57. My dad and I are very much alike. We have the same (Myers-Briggs) ISTJ personality type.
58. All this knowledge about personality types would have come in super-handy when I was growing up, but I’ll settle for it helping me better understand people now.
59. My mom passed away almost five years ago.
60. I miss her every single day.
61. This is the worst thing I’ve experienced in my life, but since then I’ve been trying to help others who have gone through the same thing. I’m not sure how successful I’ve been, but I plan to keep trying to help.
62. One thing I inherited from both my parents was an unnatural obsession with coffee.
63. I drink way, way…way too much…and now I’ve corrupted my husband.
64. Oh well. It’s not a bad obsession to have.
65. I wouldn’t call it an obsession, but right now I do have a little crush on the new Mac.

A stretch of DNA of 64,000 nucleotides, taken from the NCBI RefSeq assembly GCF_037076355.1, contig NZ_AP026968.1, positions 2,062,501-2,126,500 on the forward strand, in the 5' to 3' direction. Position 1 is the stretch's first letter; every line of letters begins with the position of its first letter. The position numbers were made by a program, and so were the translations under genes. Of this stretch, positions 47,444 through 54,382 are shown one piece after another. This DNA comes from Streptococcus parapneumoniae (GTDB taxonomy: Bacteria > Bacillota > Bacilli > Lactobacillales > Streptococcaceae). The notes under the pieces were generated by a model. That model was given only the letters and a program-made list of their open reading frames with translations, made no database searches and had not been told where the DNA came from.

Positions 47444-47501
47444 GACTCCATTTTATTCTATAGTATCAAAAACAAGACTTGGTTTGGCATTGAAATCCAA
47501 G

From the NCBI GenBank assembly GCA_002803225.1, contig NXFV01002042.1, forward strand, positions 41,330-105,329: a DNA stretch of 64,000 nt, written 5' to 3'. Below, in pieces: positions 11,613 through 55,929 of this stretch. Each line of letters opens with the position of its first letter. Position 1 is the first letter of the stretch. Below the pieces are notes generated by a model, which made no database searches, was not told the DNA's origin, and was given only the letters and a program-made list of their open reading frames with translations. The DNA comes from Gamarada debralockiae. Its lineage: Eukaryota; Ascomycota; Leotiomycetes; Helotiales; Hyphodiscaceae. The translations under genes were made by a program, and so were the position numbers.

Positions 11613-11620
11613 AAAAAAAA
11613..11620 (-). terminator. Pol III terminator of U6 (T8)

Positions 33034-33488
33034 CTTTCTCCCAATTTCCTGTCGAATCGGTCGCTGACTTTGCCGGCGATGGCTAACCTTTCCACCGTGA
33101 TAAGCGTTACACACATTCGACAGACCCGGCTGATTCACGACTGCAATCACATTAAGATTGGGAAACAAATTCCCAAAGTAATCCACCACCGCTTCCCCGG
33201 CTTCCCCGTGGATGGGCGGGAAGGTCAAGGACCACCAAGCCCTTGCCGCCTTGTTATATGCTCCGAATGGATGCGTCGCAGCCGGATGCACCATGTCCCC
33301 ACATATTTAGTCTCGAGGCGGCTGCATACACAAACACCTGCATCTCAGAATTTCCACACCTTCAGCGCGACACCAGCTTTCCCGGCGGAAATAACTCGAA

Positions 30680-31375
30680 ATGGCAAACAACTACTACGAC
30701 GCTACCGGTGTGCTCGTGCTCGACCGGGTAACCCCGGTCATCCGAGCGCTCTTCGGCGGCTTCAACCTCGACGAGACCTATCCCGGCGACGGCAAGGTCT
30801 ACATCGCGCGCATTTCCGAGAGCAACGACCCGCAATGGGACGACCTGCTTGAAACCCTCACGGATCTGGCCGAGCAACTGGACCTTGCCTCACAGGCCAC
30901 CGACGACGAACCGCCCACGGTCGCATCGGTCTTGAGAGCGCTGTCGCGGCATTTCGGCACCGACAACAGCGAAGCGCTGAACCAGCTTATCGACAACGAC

66. I still have (and use) my first electric typewriter from almost 20 years ago.
67. I also have, in our teeny-tiny apartment, my piano because I just can’t part with it.
68. I have been playing the piano since I was seven years old.
69. I do play a little almost every day, but I would love to still be able to sit down for an hour and just fly.
70. My husband refuses to fly on an airplane.
71. This makes it difficult when we go see family in Connecticut and have to drive for two days with a 15-pound Bichon in a Honda Accord.
72. Actually, it’s not that bad. We have a lot of fun on vacations together.
73. We also have fun watching television together, but we probably watch too much of it.
74. We’re both crazy about The Dick Van Dyke Show…as well as Smallville and now Heroes. I personally also loved Gilmore Girls, The Doris Day Show and Felicity.
75. Now that Blockbuster has the “send the DVDs right to your house” plan, our TV problem has grown exponentially.

76. I probably have too many favorite movies to name, but tops on my list would be Breakfast at Tiffany’s, The Godfather, Amelie and You’ve Got Mail.
77. I also love just about every kind of music. Lately, though, I listen to a lot of Christian rock music…because it’s gotten much better since when I was growing up.